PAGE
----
Theatre Historiography Goes On Tour!
One of the modules I’m studying this year as a final year Theatre & Performance Studies student is called Interpreting the Theatrical Past: Approaches to Theatre Historiography. It’s a really exciting theory-based module which looks at how theatre history is created, documented and preserved. Our classes over the first few weeks of term have been focused on theatre archives so this week our usual seminar was swapped with a trip to the Shakespeare Birthplace Trust in Stratford-upon-Avon where we got to explore some material from the Shakespeare archives!
After a quick stop at Procaffeinate in Leamington Spa (one of Leamington’s many cute cafés), we hopped on the train to Stratford. It only took about thirty minutes to get there from Leamington and it’s really easy to get to Leamington from the campus – despite being a campus university, Warwick is close to lots of interesting places (Kenilworth, Warwick and Birmingham to name just few!) and has great transport links which makes it easy to go on study trips or to visit somewhere new when you get the chance.
Once we’d arrived in Stratford, we made our way to the Shakespeare Centre and Shakespeare’s birthplace on Henley Street. There are lots of beautiful historical buildings in Stratford so it really feels like stepping into the past. As well as the Shakespeare Centre, Stratford is also home to the Royal Shakespeare Company – as a student, being so close to the RSC provides a really exciting opportunity to see high-quality performances and even get involved with workshops.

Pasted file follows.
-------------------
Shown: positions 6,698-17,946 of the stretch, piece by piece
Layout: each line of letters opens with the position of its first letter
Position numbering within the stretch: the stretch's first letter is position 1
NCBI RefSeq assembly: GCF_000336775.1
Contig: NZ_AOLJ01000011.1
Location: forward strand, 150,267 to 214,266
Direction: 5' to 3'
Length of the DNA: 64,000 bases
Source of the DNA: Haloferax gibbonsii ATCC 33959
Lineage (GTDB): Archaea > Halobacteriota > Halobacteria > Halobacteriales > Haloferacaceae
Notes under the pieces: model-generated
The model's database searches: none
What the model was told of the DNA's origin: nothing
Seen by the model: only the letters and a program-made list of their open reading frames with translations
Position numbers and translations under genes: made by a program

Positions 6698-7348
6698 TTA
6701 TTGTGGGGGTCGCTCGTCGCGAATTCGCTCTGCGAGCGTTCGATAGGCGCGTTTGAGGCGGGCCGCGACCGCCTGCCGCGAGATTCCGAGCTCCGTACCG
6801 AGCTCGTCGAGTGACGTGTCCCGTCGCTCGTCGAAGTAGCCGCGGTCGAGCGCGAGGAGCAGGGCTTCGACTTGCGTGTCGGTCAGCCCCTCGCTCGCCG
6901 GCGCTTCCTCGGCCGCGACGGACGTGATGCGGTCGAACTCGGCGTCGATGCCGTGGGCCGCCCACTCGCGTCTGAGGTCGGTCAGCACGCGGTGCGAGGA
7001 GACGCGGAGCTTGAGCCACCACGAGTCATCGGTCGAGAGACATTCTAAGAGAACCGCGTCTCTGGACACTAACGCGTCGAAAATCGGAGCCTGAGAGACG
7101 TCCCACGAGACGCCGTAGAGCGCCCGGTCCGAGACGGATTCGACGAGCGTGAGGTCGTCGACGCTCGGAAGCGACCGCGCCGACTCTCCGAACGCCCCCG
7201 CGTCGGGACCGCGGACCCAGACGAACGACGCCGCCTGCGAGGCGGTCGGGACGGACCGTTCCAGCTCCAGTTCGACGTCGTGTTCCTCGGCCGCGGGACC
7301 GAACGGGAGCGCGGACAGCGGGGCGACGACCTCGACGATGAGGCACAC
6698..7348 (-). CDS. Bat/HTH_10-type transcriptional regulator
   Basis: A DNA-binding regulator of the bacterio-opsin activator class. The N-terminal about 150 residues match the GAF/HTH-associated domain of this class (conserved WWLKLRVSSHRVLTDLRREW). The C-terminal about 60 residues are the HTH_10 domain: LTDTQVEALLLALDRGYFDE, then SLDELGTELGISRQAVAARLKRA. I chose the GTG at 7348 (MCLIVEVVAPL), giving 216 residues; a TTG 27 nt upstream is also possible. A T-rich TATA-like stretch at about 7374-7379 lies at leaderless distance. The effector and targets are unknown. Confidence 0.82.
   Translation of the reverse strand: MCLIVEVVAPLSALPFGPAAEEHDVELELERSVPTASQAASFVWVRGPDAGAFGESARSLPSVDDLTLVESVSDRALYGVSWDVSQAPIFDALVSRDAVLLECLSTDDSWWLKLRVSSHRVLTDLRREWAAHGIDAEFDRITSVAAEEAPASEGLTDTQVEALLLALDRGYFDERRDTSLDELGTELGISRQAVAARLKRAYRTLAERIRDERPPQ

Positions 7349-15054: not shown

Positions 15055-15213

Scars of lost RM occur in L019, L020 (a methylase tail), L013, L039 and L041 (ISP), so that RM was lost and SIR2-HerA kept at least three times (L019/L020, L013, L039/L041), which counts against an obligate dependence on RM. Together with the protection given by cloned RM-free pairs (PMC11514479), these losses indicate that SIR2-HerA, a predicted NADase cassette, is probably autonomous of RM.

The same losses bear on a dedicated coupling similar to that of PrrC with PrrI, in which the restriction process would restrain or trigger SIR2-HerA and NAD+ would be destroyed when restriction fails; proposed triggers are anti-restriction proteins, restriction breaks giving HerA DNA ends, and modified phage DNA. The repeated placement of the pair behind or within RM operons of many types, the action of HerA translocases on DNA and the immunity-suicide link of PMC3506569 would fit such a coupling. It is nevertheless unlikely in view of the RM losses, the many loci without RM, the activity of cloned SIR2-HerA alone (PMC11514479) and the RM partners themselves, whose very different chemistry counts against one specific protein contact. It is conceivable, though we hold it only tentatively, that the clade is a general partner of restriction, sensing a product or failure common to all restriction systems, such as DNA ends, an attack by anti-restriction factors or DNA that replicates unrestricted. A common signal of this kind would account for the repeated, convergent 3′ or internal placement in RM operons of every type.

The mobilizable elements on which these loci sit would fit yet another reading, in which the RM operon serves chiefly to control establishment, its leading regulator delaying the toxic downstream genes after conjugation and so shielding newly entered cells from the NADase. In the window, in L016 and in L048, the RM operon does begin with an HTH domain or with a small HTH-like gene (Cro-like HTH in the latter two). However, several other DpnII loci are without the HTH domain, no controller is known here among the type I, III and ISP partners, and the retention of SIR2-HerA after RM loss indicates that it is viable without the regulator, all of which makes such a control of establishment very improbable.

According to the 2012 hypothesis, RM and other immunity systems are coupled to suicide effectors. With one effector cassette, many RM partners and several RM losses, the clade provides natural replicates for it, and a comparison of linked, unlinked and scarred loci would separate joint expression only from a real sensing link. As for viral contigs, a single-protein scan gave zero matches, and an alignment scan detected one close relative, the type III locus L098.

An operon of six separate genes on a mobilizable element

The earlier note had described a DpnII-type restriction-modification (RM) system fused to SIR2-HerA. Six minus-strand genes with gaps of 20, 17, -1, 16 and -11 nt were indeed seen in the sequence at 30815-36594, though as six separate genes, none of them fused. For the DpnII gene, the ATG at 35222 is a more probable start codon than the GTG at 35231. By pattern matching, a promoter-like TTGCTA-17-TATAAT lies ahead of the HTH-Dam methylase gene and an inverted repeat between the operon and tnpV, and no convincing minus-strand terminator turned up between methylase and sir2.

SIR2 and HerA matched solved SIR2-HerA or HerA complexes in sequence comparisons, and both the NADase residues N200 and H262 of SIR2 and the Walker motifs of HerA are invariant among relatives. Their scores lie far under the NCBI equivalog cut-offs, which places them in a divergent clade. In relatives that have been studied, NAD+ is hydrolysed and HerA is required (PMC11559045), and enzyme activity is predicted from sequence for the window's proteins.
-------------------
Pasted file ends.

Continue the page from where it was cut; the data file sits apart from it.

At the Shakespeare Centre, we visited the reading room and were allowed to look at some of the documents from the archives including various photos, reports and scripts. I’d never been to an archive before so it was really interesting to get first-hand experience of working in this kind of research environment and to try out a completely new way of researching. Being able to handle documents that had been created by the theatre-makers of the past was really special and I felt really lucky to be able to access such precious historical materials.
Getting off campus and putting your skills into practice in the real world is a great way to remind yourself why you love your subject and to think more about the kind of work you could be doing in the future. Going on the trip has reignited my passion for Shakespeare and I’m really looking forward to learning more about theatre historiography and exploring more archives as I continue researching for my dissertation. I hope this post has given you an insight into the kind of opportunities available to you as a Theatre student at Warwick as well as the places that are waiting to be explored beyond the campus itself!